According to an economic study released this month, poverty-reducing programs such as food stamps and housing vouchers are almost twice as effective as originally estimated.
Using government administrative records for the state of New York, University of Chicago economist Bruce Meyer and CERGE-EI’s Nikolas Mittag were able to test the accuracy of the Current Population Survey’s (CPS) Annual Social and Economic Supplement (ASEC).
“The survey… doesn’t do a very good job of capturing income because people are reluctant to respond to it,” Meyer says. “They’re reluctant to answer the questions about income if they do respond, and if they do give answers they’re often inaccurate. More than 60 percent of people getting the programs for really low-income people, TANF [welfare] and state-level general assistance don’t report it at all.”
Before we go into the effects of under-reporting assistance, a brief discussion on defining poverty is necessary. The census measured the New York’s poverty rate between the years of 2008 and 2011 as 13.6 percent, but strangely, the way the census measures poverty doesn’t capture the effectiveness of government programs to lift people out of poverty because it explicitly leaves the means of assistance out of the calculation.
“It’s foolish consistency,” Meyer says. “It’s because so many benefits didn’t exist in the 60s when the poverty measure was first devised.”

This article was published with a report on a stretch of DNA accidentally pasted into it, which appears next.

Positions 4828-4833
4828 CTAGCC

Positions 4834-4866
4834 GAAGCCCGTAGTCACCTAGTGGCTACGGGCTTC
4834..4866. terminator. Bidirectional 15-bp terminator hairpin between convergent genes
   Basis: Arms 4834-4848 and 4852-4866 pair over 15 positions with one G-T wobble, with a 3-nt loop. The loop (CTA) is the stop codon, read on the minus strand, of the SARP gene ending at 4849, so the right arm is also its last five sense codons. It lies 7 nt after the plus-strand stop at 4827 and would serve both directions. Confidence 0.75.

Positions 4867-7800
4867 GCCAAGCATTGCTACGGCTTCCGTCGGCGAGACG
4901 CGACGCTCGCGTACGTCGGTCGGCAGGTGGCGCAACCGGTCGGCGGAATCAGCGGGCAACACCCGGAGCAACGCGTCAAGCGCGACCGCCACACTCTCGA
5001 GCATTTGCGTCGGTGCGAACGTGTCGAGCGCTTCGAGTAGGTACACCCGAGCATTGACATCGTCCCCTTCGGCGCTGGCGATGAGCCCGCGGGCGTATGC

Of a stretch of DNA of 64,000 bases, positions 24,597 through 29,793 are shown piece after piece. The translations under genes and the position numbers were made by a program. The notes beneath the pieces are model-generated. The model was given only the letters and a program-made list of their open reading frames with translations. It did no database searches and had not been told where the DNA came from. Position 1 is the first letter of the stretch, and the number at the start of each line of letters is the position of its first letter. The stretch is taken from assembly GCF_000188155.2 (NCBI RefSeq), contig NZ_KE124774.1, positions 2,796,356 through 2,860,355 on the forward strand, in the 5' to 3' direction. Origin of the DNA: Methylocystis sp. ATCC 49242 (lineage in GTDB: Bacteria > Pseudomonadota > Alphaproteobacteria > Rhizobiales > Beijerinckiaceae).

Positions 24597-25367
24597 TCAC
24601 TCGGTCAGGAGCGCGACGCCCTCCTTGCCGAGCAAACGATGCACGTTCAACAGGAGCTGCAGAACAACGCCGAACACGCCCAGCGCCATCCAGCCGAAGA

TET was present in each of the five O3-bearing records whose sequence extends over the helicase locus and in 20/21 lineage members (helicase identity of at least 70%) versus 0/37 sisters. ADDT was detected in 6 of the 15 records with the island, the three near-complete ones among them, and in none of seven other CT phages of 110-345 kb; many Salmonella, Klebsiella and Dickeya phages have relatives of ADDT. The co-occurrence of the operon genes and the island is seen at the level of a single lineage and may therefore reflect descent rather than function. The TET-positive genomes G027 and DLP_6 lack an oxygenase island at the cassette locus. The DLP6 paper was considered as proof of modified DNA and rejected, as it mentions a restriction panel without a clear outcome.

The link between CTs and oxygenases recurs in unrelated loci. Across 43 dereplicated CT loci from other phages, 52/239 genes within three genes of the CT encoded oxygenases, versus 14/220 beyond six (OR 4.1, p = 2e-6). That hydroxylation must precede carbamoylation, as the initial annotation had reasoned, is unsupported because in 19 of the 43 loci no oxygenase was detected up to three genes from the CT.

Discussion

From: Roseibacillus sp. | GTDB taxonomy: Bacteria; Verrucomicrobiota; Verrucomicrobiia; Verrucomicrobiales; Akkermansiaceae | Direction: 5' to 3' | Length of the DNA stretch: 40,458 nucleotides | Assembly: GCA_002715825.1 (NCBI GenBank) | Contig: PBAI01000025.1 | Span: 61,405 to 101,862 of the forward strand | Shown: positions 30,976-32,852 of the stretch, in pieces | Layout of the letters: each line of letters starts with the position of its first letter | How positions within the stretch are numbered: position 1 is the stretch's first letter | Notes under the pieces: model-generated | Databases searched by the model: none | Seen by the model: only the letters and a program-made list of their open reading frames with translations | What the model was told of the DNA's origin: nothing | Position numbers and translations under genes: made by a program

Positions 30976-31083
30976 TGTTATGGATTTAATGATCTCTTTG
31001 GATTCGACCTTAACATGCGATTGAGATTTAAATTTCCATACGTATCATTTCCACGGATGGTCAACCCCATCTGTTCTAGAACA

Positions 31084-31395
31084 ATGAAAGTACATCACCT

The poverty thresholds for different family sizes are based on a calculation of “the cost a particular food plan from the FDA in the 1960s,” Meyer says. Since then, the thresholds have been adjusted according to the consumer price index. “The main problem with [using income to quantify poverty] is it doesn’t account for taxes,” he says.
“At the time, food stamps [and Medicaid were] just getting started, housing benefits were pretty small,” he continues. “We didn’t have the Earned Income Tax Credit or the Child Tax Credit in the 1960s, and now they’re some of the biggest anti-poverty programs we have, so the world has changed since this poverty measure was devised.”
Meyer and James X. Sullivan from Notre Dame advocate an alternative method of measuring poverty based on consumption rather than income. “We find that using what people are able to spend on food, housing, utilities, transportation, and other things give us a better measure of someone’s material living standards than looking at their income,” says Meyer. “Low consumption is more likely associated with ill health, not having health insurance, low education, not having air conditioning, dishwashers, or other amenities.”
A good example is retired folks who might not have much income, but live comfortably on their savings, and if they already own their cars or homes they’re not paying them off any more. A 2012 paper by Meyer and Sullivan (PDF) maps the progress of this alternative measure of poverty from 1964 (31 percent) to 2010 (5 percent), offering insights into the effectiveness of government programs to fight poverty.
Based on the results of the ASEC survey and under this consumption-based measurement of poverty, the study estimates the poverty rate in New York from 2008 to 2011 as 10.8 percent—but by using the numbers inferred from government administrative records, that number reduces to 8.3 percent, suggesting that government assistance programs are helping even more than was originally estimated.